Discussion in 'Biology & Genetics' started by ElectricFetus, Nov 19, 2003.
Riv, an allele is a form of a gene... a triplet of base pairs is called a codon.
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river-wind, while on the right track, I don't think allele is the correct word there. Base, or nucleotide works better. An allele refers to the gene as a whole.
*edit: Dammit Blue, you beat me to it. Kudos.
ah, crap you're right. it's amazing how fast the information flys out of your brain. Three years out of school, and I'm mixing alleles and codons. Please Register or Log in to view the hidden image!
did I at least get the translation/transcription pair correct? translation is DNA->DNA during cell reproduction, transcription is DNA->RNA for protein creation? I was debeating which was which when I posted.
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Sort of...transcription is going DNA to RNA, but translation is RNA to protein. Replication is DNA to DNA.
*edit: I didn't notice this the first time, but each codon codes for an amino acid, not the whole protein. So when you change a base, the amino acid changes (and likely all subsequent ones), because there is a shift in the codons. You are correct, multiple codons can code for an amino acid.
Whups, ya got me there Idle.
I sez it's DNA gnomes that does it.
gah, I feel stupid.
river-wind: No worries man. The only reason I have all this somewhat straight is because I am doing it now (albeit in a lot more detail), and my grade depends on it. The details aren't important, and you have the right idea.
Idle: I missed the amino acid/protein break.
Riv: I concur with Idle. Vocab was off, but idea is sound.
Well, Mr. Monkey, I dunno. But, I think that Idle Mind and River and Blue are kinda on the right track. Here's my SWAG about how these substitutions come about; The keto-enol tautomerizations that occur in Guanine and Thymine occasionally cause T to be substituted for C and G for A. Also, the amino-imino tautomerizations that occur in Adenine that cause C to substitute for T, and the same amino-imino thing with Cytosine that will lead to A being substituted for G.
Anyhow, that's my wild guess. I understand that the repair systems usually correct almost all of this right away. But, what the hell it's my stab at this. Well, it's either this or the gnomes.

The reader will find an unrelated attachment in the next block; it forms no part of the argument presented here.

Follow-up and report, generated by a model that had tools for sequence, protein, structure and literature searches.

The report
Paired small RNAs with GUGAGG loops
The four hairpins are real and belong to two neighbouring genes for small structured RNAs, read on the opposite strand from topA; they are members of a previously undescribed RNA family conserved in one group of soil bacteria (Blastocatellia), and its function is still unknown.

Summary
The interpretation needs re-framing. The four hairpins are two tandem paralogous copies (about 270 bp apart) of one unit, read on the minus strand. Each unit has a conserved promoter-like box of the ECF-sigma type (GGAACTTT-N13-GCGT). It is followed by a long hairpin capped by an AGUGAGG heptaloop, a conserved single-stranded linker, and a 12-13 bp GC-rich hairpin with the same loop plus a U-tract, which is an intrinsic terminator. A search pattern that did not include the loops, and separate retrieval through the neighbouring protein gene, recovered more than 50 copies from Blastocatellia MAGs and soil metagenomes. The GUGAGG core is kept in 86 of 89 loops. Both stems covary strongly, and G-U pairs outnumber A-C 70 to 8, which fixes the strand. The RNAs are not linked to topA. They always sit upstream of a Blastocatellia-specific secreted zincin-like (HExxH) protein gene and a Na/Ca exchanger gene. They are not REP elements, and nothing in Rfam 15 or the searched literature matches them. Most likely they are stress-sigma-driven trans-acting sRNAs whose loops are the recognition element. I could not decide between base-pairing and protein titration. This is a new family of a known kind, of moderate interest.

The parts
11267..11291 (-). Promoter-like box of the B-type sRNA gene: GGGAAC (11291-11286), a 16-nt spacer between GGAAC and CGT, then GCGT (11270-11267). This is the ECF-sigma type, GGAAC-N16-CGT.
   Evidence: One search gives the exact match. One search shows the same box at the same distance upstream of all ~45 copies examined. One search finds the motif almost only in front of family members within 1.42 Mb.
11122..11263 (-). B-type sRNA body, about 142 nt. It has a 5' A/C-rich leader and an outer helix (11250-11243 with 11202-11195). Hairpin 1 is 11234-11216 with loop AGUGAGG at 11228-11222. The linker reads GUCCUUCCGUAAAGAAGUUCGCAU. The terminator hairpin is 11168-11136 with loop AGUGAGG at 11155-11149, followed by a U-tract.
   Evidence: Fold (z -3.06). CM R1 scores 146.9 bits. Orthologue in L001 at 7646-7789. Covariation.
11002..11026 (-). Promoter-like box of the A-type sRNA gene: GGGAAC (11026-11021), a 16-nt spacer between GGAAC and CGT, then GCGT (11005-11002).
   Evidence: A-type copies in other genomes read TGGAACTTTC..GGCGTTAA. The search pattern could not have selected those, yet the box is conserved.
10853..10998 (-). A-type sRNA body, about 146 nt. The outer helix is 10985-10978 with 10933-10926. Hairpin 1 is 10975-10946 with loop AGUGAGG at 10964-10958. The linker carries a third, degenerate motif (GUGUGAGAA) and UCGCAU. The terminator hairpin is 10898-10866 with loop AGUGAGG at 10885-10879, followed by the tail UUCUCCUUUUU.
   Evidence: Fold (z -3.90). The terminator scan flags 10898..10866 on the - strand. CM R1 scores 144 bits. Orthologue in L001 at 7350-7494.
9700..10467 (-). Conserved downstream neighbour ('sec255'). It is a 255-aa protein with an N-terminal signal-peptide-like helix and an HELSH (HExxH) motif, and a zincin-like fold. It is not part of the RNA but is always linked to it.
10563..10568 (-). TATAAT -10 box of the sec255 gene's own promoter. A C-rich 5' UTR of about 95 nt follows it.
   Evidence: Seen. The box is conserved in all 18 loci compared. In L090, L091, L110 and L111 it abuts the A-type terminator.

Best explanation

My gnomes theory gains supporters!
Well, the hypothesis that gnomes are involved does seem more plausible than the far-fetched mechanism that I proposed. I do have one problem with the gnome idea however:
Aren't gnomes placental mammals? Is is possible for them to be small enough for this?
I would have to appeal to Magic Powers to answer that question - in this manner:
"Gnomes can be small enough - if they use their Magic Powers."
I have a question - not a quiz - just something I don't know the answer to.
In some reading I've done lately I've come a the unit kDa(apologies if I've wrote it down wrong, it's not in front of me) in terms of a 30 kDa protein.
Does kDa mean 1000 amino acids? (I know this sounds dumb, but it could change the meaning of what I read)
Thanks in advance!
A kDa is a kiloDalton; it refers to a unit of atomic weight. If I remember correctly, a proton weighs one Dalton, hence a hydrogen atom weighs slightly more than one Dalton. I could be wrong... I'm not a chemist/physicist.
Check out http://www.unc.edu/~rowlett/units/dictD.html
Thanks a lot, BigBlue !!
No prob, that was the easiest riddle yet! Heh.
Hi BigBlue: You're basically correct here about a hydrogen atom. But, here's the deal. If one considers naturally occurring Hydrogen, a Hydrogen atom has a mass of one dalton. Except, some Hydrogen atoms also contain a neutron. Those ones (Deuterium) have a mass of two daltons. If one looks at a periodic table, they see a mass for Hydrogen of 1.0079. This is because, if you have, say, a mole of H atoms, most of them have a mass of one dalton, and a few have a mass of two daltons. The 1.0079 is the average mass of the mix of the two isotopes. I'd go on about this a little more, but I'm busy right now researching gnomes.
Yeah, one Dalton is approximately equal to one atomic mass unit. Or it is equal...not sure.
There is no single answer as usual in biology. The answer totally depends on the organism. People have discussed here mostly the main causes of mutations in eukaryotic and prokaryotic cells.
If we look now at the evolution of viruses we see that there evolutionary speed is much higher. In fact it is in the same range as the mistake rate produced by their polymerase. Their polymerase lacks proofreading capacity. Therefore, the main source of genomic mutations in viruses is their own polymerase.
For the other sources see the discussion above.
The Fruitfly, or Drosophila lives only for 14 days but can produce a giant egg in only 12 hours.
How can it do this?
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